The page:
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Monday, July 26, 2010

Training entrepreneurial engineers

As an engineer who went to business training almost the minute I took my first job, I appreciate both the value and limitation of a business education for engineering professionals. Of course, I appreciate it even more now that I’ve started a copy, made tons of mistakes, got a formal business education and now teach at a business school.

Five elite US engineering schools got really nice press Tuesday in the Financial Times for their Master’s in Engineering Management program. With a little digging, it was clear they have a website and a “consortium.”

The FT article puts the best case forward:
Joseph Helble, dean of the Thayer School, says Mem programmes are “for engineering grads who know they don’t want to spend their entire careers in design or in a lab. They want to do broader, systems-based engineering, by identifying promising new product lines. They want to create a vision for the technology in the broadest business sense.”
As someone who once thought he would teach in engineering management, I’m all in favor of having more such programs.

Many engineering students have taken my technology strategy class, but without a business core, they get glimpses of insights, not the way to build upon a firm footing in accounting, finance, marketing and organizations. So an integrated master’s degree combining technical and business topics is a great way to address this.

However, when looking at the MEM consortium, I’m not quite clear what makes these five schools different. Do they have explicit standards? Is it the shared “MEM” brand? Or are they a members-only club? For example, the list excludes two of the top engineering schools in the country: Berkeley has a top-flight interdisciplinary Management of Technology program, while MIT has its System Design and Management program, jointly run by Engineering and the Sloan School.

And then there’s the question of how much any school prepares an engineer to be an entrepreneur. Plenty of engineers became entrepreneurs without formal preparation and did quite well. (Hewlett & Packard, Bose, Jacobs & Viterbi, and the list goes on...)

I don’t think a class or a business plan competition is going to help a 23-year-old engineering student create the next HP. Interning with a young company (as I did) would help, as would working for a top-flight company in the same industry. But nothing beats going to work in Silicon Valley, Boston or one of the other regions where you are immersed entrepreneurship, venture capital, startup infrastructure and a startup culture.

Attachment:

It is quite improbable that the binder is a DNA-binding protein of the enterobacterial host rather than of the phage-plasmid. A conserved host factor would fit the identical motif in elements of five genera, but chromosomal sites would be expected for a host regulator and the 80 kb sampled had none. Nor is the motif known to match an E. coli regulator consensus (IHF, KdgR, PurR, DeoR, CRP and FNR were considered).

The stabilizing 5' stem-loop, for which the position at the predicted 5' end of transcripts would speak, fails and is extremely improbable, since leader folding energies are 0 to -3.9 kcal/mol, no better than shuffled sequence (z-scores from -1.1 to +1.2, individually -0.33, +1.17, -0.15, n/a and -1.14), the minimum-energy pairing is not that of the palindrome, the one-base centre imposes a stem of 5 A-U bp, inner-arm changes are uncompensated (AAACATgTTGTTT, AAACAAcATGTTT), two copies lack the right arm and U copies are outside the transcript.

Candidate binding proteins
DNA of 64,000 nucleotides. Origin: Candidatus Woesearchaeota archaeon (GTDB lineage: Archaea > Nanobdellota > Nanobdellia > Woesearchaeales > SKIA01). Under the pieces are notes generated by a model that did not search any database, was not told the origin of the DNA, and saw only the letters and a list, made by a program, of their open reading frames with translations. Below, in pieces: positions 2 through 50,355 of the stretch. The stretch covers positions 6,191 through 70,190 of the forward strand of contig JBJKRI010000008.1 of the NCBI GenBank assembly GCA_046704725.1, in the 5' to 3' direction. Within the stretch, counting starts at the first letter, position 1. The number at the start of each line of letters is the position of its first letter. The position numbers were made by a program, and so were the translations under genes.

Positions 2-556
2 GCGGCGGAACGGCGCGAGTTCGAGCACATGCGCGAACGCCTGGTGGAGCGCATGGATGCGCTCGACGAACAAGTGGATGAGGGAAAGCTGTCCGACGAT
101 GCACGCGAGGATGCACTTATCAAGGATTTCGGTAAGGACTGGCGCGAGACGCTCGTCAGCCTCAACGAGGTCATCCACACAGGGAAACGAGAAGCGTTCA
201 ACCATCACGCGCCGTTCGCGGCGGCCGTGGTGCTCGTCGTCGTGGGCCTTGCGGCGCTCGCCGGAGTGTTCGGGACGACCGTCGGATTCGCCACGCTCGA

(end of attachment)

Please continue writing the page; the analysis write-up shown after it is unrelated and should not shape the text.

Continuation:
Saturday, July 10, 2010

Egos, ethics and "no"

Many entrepreneurs get ahead because of their brash confidence, unwillingness to settle for second best or accept limitations that have daunted their predecessors.

Is there such a thing as too much ego? Steve Jobs was legendary for his tyrannical treatment of direct reports, but also turned the company around by making swift, clear and (largely) correct decisions since his return 12 years ago.

And then there is Elon Musk, the co-founder of Tesla Motors, SpaceX, SolarCity and PayPal. Any one of those would be considered a highly visible entrepreneurial effort and (in the latter case) even a financial success. He has success I can only dream of.

However, at times he seems to have the ethics of a used car salesman. On Friday, Owen Thomas of VentureBeat enumerated various examples of when he said Musk was less than totally truthful.

I personally first noticed Musk when he called a college professor (and coworker of mine) a “douchebag” for challenging his claim to public subsidies for his electric cars. Anyone who takes taxpayer money should be open to public scrutiny — if you can’t stand the heat, get out of the kitchen. The whole incident reflected badly on Musk and his ability to handle criticism for his weaknesses or mistakes.

Some of Thomas’s allegations border on SEC violations, particularly related to his recent (and briefly underwater) Tesla IPO.

I try not to judge people I’ve not met, but sometimes there’s a clear enough picture from secondary evidence. From his exaggerations to trading in the 30-something mother of his five children, he seems to have gone through life without anyone ever saying “no.”

This is a dangerous way to be in business: yesmen will help you drive the car right off the cliff. (It is always possible that the brash public persona hides someone who’s willing to be thoughtful and analytical with trusted advisors in private, but I’ve not seen any reports either way from former lieutenants.)

However, the general pattern of the last decade reminds me of an old, old saying:
For what shall it profit a man, if he shall gain the whole world, and lose his own soul?
Bill & Dave: How Hewlett and Packard Built the World's Greatest CompanyThat’s not everyone’s guiding principle, but it’s certainly been mine. I was fortunate to work with other scrupulously honest entrepreneurs — even when they did something I didn’t agree with, they were honest about it and even reasonably predictable. I was also inspired by several role models, including Bill and Dave, and the memoir of Paul Hawken.

I realize that forced to choose between honesty and financial returns in a CEO, most VCs would go with the latter. But then I’m not too optimistic about their souls, either.